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US Supreme Court Opens Annual Term


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The U.S. Supreme Court opened its annual term with much of the attention focused on the high court's newest member, Justice Sonia Sotomayor, who was confirmed by the Senate in August, is the first Hispanic justice on the court and only the third woman to serve as a Supreme Court justice.

Sotomayor's first term on the high court promises to be busy.

The court is scheduled to hear cases involving gun rights, free speech and whether juvenile offenders should be sentenced to life in prison without parole in criminal cases that do not involve murder.

Justice Sotomayor was nominated by President Barack Obama to replace retired Justice David Souter. Souter often sided with the court's liberal faction, and Sotomayor is expected to largely follow in his footsteps. But the ideological balance on the court that favors the five-member conservative majority is not expected to change.

Sotomayor talked about what kind of justice she hopes to be at her confirmation hearings in August.

"In the end I hope it [history] will say that I am a fair judge, that I was a caring person and that I lived my life serving my country," she said.

Sotomayor spent years as a federal judge before her Supreme Court appointment, and legal analysts expect her to be an active advocate in the court's oral and written debates.

Attorney Carter Phillips has argued numerous cases before the Supreme Court. He spoke at a legal forum at William and Mary Law School in Virginia.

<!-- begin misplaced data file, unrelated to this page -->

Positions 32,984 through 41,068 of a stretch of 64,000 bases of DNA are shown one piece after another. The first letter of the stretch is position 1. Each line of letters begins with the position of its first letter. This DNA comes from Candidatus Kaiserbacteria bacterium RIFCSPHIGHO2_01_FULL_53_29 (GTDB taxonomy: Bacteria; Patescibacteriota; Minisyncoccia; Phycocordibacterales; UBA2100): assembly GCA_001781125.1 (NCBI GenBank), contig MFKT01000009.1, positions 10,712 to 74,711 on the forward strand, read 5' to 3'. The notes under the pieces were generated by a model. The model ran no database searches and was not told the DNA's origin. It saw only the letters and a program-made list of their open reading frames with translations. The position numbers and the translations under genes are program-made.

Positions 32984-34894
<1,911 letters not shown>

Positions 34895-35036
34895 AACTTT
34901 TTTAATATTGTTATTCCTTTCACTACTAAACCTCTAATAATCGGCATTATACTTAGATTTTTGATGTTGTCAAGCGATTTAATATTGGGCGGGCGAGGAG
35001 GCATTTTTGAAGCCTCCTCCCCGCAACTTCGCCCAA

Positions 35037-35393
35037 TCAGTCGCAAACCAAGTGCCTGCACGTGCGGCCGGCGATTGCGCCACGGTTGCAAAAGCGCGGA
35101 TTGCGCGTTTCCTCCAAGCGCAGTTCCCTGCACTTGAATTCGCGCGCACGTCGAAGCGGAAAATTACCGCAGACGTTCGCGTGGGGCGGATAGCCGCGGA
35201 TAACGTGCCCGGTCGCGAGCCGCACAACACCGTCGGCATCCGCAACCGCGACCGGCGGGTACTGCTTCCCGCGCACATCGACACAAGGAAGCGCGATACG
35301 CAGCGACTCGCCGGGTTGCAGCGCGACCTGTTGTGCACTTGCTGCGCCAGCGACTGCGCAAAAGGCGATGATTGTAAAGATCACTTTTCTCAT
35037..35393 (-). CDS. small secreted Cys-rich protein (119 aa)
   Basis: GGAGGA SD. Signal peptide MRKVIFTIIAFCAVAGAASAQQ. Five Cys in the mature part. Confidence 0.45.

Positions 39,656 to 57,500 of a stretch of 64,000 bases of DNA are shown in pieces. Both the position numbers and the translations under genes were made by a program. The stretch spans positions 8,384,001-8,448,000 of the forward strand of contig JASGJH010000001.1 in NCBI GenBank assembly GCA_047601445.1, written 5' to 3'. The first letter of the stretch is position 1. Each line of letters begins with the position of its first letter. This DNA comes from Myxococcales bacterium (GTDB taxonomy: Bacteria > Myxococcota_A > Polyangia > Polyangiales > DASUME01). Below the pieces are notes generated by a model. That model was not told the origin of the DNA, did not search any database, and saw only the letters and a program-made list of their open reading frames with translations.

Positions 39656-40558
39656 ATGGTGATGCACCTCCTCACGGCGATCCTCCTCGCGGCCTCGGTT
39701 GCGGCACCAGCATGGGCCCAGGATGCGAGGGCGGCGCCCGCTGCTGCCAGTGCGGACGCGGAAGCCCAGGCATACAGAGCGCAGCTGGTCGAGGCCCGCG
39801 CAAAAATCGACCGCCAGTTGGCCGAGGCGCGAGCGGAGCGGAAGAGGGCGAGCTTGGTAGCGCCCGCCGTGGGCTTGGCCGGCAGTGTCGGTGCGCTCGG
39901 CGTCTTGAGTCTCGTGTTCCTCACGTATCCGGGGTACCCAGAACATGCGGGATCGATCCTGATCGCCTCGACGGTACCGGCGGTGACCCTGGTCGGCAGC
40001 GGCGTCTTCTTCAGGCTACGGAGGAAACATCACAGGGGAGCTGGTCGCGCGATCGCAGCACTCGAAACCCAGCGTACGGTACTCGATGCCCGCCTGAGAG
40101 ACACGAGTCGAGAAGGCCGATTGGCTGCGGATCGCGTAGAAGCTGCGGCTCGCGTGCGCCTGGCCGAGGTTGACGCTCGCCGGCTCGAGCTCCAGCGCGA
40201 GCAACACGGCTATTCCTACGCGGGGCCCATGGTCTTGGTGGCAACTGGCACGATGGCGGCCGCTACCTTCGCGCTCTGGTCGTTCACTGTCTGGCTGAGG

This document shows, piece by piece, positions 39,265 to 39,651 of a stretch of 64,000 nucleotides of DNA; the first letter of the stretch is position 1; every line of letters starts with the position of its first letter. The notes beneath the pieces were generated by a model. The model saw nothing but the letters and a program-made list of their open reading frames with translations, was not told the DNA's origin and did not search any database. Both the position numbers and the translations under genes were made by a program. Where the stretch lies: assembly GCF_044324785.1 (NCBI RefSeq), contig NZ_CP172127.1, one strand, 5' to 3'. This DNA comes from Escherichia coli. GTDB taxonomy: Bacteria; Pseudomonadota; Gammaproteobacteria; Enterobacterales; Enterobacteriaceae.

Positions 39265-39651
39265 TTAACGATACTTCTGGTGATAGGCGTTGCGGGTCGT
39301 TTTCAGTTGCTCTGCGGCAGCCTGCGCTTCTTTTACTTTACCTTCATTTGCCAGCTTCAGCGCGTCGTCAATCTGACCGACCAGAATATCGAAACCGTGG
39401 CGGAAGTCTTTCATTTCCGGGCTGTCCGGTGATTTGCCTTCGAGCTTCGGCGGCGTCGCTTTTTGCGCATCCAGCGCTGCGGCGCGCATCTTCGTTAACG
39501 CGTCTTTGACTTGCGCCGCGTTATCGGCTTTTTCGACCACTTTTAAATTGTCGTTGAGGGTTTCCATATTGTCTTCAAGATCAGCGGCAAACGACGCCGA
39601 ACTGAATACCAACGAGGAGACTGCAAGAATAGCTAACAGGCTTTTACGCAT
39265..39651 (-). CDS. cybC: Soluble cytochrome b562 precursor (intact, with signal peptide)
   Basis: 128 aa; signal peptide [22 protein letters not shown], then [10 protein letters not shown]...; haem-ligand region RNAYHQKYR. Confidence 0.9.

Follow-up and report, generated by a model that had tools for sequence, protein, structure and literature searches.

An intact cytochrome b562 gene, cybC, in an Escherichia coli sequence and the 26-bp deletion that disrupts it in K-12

"She will, I am sure, be a relatively active participant in the court and will, almost certainly, express her views fairly forcefully," said Phillips.

The opening day of a Supreme Court term often draws a variety of protesters to the high court steps, and Monday was no different, though perhaps a bit more subdued than usual.

Lois Fischbeck of Maryland came to urge the court to ban capital punishment, even though the justices are not scheduled to take on a particular case this term that would deal with the issue directly.

"Because this is where the law can be changed by one decision of the nine judges and make us in unison with the majority of countries of the world who have already decided that killing is not right by the government," Fischbeck said.

A few steps away, a woman named Sandy from Oklahoma held aloft a sign protesting abortion.

The court is not expected to consider any direct challenge to abortion laws this term, but Sandy wants some of the Supreme Court justices who support abortion rights to retire.

"And then we need to replace them with people who honor the Constitution. All men are created equal and that includes babies," she said.

One of the most closely watched cases this term will be heard early next year when the high court considers a challenge to gun control laws in the city of Chicago.

Last year the court ruled in a five-to-four decision that the 2nd Amendment to the U.S. Constitution protects the rights of individuals to own handguns in the District of Columbia, the nation's capital.

The high court is also expected to rule soon on whether long-standing restrictions on corporations and labor unions contributing to political candidates are constitutional.

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